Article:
If d is defined to be the duty ratio of the switch 29 and Vi and Vdc are the instantaneous values of the input rectified AC voltage and the DC bus voltage, respectively, volt-second balance across the inductor 21 yields the following relation:
(1-d) Vdc =Vi (1)
Similarly, if d' is the duty ratio of the switch 32, and Vo is the output voltage,
d' Vdc =Vo (2)
under the transformer core reset constraint
d'≦d'max =0.5-|0.5-d| (3)
with a unity turns ratio transformer. From relation 1, it is clear that Vdc can be controlled to be any desired value above the peak Vp of the input rectified AC voltage waveform.
If input current regulation is made the priority of control,
d=1-|Vp sin ωt/Vdc | (4)
This causes the constraint equation to take the form
d'max =0.5-|0.5-|Vp sin ωt/Vdc || (5)
Vomax =Vdc (0.5-|0.5-|Vp sin ωt/Vdc ||) (6)
FIGS. 2 and 3 show d'max as a function of time for Vp /Vdc =0.66 and 0.5, respectively.
On the other hand, if one chooses to have output regulation take priority over input regulation, the output voltage Vo, can be controlled to be any value below Vdc /2. In this case:
D'=Vo /Vdc (7)
The constraint for this mode of operation is
d'=dmin ≦d≦dmax =(1-d') (8)
Control over input current is available in the intervals when the input AC voltage is between Vimin and Vimax, where
Vimin =d'Vdc (9)
Vimax =(1-d')Vdc (10)
FIGS. 4 and 5 show the range over which control is available as a function of time for Vo /Vdc =0.33 and 0.2, respectively, where Vp /Vdc =0.66. It may be noted that control over the input current is maintained over a very large part of the cycle, and control is lost only when the input voltage is near zero volts. This ensures that the input current does not change significantly over the period when control is lost. FIGS. 6 and 7 show simulated waveforms of the overall input current and the high frequency portion thereof, respectively, which demonstrate that while operating with output voltage control priority, the input line current is close to sinusoidal and has a high power factor of 0.95 to 0.98, substantially unity power factor.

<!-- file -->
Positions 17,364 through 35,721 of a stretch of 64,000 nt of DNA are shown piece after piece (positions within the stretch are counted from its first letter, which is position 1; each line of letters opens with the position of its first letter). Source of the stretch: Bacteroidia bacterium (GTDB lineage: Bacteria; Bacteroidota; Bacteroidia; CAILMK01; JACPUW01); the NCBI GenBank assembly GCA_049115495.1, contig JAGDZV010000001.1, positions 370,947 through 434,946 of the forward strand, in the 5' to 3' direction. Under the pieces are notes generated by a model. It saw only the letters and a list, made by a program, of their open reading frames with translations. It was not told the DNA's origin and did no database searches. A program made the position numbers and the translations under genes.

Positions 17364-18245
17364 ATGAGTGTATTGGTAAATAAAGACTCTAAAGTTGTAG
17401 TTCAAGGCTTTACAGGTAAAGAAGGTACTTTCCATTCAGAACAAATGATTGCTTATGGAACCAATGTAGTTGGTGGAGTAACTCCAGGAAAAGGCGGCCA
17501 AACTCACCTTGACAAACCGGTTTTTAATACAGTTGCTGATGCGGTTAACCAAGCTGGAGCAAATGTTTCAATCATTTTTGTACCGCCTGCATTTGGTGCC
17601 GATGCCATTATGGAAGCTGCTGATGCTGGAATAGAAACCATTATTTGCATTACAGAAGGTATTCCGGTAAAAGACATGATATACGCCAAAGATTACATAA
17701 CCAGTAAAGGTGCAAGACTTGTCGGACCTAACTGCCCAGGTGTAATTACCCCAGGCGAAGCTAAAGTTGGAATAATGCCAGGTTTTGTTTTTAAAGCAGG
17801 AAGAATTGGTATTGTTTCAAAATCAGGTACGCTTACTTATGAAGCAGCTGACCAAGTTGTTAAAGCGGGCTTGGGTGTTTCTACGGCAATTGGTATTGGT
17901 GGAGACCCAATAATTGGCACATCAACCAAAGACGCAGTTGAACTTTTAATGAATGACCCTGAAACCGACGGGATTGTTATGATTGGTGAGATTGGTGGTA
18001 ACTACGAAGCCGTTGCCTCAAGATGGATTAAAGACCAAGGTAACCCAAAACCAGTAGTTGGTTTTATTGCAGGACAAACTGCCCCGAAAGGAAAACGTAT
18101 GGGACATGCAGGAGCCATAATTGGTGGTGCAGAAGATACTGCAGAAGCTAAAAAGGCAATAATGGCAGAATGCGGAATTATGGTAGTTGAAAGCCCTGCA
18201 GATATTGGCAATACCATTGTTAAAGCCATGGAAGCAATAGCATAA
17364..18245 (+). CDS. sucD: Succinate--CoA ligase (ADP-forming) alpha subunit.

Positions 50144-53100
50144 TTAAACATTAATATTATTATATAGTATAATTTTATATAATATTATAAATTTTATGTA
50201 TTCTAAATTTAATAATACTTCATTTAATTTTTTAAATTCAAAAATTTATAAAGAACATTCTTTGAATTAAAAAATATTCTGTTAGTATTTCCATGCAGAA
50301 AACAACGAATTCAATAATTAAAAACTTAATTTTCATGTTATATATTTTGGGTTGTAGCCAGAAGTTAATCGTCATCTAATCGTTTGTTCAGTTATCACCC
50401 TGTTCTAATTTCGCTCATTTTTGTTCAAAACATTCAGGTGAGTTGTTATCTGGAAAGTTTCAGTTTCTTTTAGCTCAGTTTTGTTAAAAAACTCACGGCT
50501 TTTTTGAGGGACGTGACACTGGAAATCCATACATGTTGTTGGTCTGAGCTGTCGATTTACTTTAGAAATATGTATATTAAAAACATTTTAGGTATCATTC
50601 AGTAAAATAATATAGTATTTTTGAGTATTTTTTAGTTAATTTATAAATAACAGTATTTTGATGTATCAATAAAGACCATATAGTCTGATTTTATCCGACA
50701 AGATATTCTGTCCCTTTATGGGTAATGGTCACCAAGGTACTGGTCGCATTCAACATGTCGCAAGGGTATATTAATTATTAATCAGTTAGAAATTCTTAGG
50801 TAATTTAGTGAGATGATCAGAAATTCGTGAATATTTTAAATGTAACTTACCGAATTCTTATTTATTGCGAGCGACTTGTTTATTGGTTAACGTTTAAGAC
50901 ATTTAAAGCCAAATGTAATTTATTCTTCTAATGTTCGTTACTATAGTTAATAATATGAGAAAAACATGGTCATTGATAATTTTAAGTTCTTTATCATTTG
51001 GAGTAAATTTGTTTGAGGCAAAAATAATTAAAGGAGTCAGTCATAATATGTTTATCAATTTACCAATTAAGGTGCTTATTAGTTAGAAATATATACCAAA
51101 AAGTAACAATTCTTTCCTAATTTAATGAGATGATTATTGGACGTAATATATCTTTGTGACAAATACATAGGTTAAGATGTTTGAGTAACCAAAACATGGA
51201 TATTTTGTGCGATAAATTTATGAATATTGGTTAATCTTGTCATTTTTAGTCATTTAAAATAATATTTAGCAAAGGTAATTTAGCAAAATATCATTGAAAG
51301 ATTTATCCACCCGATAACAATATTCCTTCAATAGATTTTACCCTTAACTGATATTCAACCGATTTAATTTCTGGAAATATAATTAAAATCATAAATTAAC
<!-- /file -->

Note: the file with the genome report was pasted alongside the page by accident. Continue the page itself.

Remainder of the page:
It is clear from FIGS. 4 and 5 that reducing the output voltage significantly enhances the control range on the input side. On the other hand, reducing the output voltage to improve line current adversely impacts the ratings of both the switching devices and the transformer.
Both of the switching devices 29 and 32 are rated to handle the maximum storage capacitor voltage Vdc. When conducting, the switch 32 carries a maximum current of Ip +Io, where Ip is the peak input current and Io is the output current to the load (assuming a unity turns ratio transformer). The switch 29 carries a peak current of Io, if transformer magnetization current is neglected. Assuming no converter losses, the input power Pin is equal to the output power Po. ##EQU1## The volt-ampere (VA) rating per unit of the switch 32 is Pd2, where
Pd2 =Vdc (Ip +Io). (13)
Similarly, for the switch 29, the VA rating per unit of Pd1 is